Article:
A new Yemeni government tasked with charting a political path away from civil war looks doomed from the start by dependence on the warlords it is supposed to tame, and is tainted in the eyes of protesters at the heart of the uprising.
The government, formed on Wednesday under a deal overseen by neighboring oil giant Saudi Arabia, is to lead Yemen to a February presidential election to replace Ali Abdullah Saleh, after 10 months of protests against his three-decade rule.
Its goal is to stop Yemen sliding toward chaos by finding a negotiated end to the fighting that has raged on alongside protests − between military units loyal to Saleh, units that have turned on him, and tribal militias committed to his demise.
That may create a government in which Saleh’s opponents would have to share formal authority with his loyalists − but without the military clout of the men they would effectively be trying to disarm.
“You have two tracks: a political one that progresses and sets a date for elections and forms a government, and a parallel, military track,” said Ibrahim Sharqieh, a conflict resolution expert at the Brookings Doha Center in Qatar.
“Those two are going to collide, and I think the moment is if the issue of restructuring military units actually becomes real, when it comes to Ahmed and his cousin staying in power or not,” he said. “That’s when they will have to face reality.”
He was referring to Saleh’s son Ahmed Ali Saleh, and nephew Yehia Mohamed Abdullah Saleh, who lead the Republican Guards and Central Security Forces, respectively.
Compromise and appeasement
The political process began last month, when Saleh formally renounced his powers in line with the pact sponsored by the Gulf Cooperation Council (GCC), a bloc of Yemen's neighbors richer, resource-blessed neighbors.
The agreement − which Saleh had previously wriggled out of three times at the last moment − stipulates an early presidential election that the deputy to whom Saleh transferred his powers, Abd-Rabbu Mansour Hadi, will enter with the backing of Saleh’s General People's Congress (GPC) party.
By the time of the vote, a military committee − with half its members, like the interim government, loyal to Saleh − is supposed to have defused conflicts that have raged in the last week in the capital Sanaa and Taiz between pro-Saleh forces and those of tribal leader Sadeq al-Ahmar and General Ali Mohsen, both former allies of Saleh who have turned against him.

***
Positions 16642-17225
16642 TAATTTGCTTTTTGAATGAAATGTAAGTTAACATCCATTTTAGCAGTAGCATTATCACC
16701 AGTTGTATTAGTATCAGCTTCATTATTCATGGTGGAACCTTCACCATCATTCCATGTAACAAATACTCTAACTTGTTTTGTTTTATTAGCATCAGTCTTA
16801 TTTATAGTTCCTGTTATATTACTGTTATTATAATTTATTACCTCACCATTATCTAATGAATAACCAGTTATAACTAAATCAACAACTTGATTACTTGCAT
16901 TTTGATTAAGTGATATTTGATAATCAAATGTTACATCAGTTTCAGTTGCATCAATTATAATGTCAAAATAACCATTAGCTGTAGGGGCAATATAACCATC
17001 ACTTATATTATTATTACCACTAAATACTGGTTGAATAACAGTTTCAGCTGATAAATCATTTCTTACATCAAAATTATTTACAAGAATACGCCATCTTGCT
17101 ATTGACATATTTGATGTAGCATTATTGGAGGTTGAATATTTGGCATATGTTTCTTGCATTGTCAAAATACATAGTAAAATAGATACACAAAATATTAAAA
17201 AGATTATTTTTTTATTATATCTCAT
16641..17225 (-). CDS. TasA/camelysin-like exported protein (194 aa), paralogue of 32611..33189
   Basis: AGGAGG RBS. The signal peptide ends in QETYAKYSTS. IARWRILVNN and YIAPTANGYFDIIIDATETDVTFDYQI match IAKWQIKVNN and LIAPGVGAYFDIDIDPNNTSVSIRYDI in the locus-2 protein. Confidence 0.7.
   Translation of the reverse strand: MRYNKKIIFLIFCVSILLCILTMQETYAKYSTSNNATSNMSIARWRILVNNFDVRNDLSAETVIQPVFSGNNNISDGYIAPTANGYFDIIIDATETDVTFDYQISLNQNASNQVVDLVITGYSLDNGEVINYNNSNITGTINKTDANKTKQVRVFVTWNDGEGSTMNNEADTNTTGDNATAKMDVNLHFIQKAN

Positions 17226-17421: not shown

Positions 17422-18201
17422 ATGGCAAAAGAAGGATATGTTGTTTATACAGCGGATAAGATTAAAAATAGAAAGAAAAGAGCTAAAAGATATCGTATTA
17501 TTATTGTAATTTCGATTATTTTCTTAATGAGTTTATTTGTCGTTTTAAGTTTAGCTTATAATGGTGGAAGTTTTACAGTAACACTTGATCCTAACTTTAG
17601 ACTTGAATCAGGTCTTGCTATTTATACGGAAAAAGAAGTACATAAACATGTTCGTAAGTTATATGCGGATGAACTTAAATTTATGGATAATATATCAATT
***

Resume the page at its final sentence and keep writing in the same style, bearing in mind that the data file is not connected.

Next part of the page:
The role that body and the government grant pro-Saleh forces all but ensure the irrelevance of a political process, argued historian and commentator on Yemeni affairs Fawwaz Traboulsi.
“How is it possible to make the armed forces neutral, keep them from interfering in the transitional period, and unify them to ensure that process is peaceful, while the ‘outgoing’ president controls the greater part of the armed forces?” he wrote in the Assafir daily after Saleh agreed to the GCC deal.
Deprived of effective authority, the best-case scenario may be that an interim government muddles through to a vote without a major eruption of violence.
“Many of the characters who were appointed are far less competent than the ones who preceded them,” said Yemeni political analyst Abdulghani al-Iryani.
“What we’ve seen is a hodgepodge of compromise and appeasement that produced an ineffective cabinet.”
“The most you could hope for from this cabinet is that they create the conditions for peaceful presidential elections in two and half a months. I do not think they are capable of doing anything more substantive.”
One faction of Yemenis was unrepresented in the deal-making that concluded in the Saudi capital, but it is acknowledged as a new force that emerged in the uprising against Saleh.
The movement has dismissed a national unity government long before it was born.
Youth protesters who have spent nearly a year in the streets have broadened their demands for political change beyond Saleh, calling for the removal of Yemen's entire political elite.
They regard the military struggle in Yemen as a feud among partners to what they see as the crimes of Saleh’s rule, deeming the formal opposition complicit for taking part in a deal that grants him immunity from prosecution over the killing of protesters by security forces.
“You cannot say it (the government) will work independently of Saleh, without completely cleansing the leadership of the military of all of his relatives,” said Mani’ al-Matari, a 28-year-old protest organizer in the capital. “The military is running things in this country, not a government.”
That sentiment, said Sharqieh, illustrates the greatest failing of a government yet to be sworn in.
“They (the political opposition) have never acknowledged and involved the youth who were not involved in the agreement and have in fact denounced it all along,” he said. “There is a question of legitimacy, and on this they don't have it.”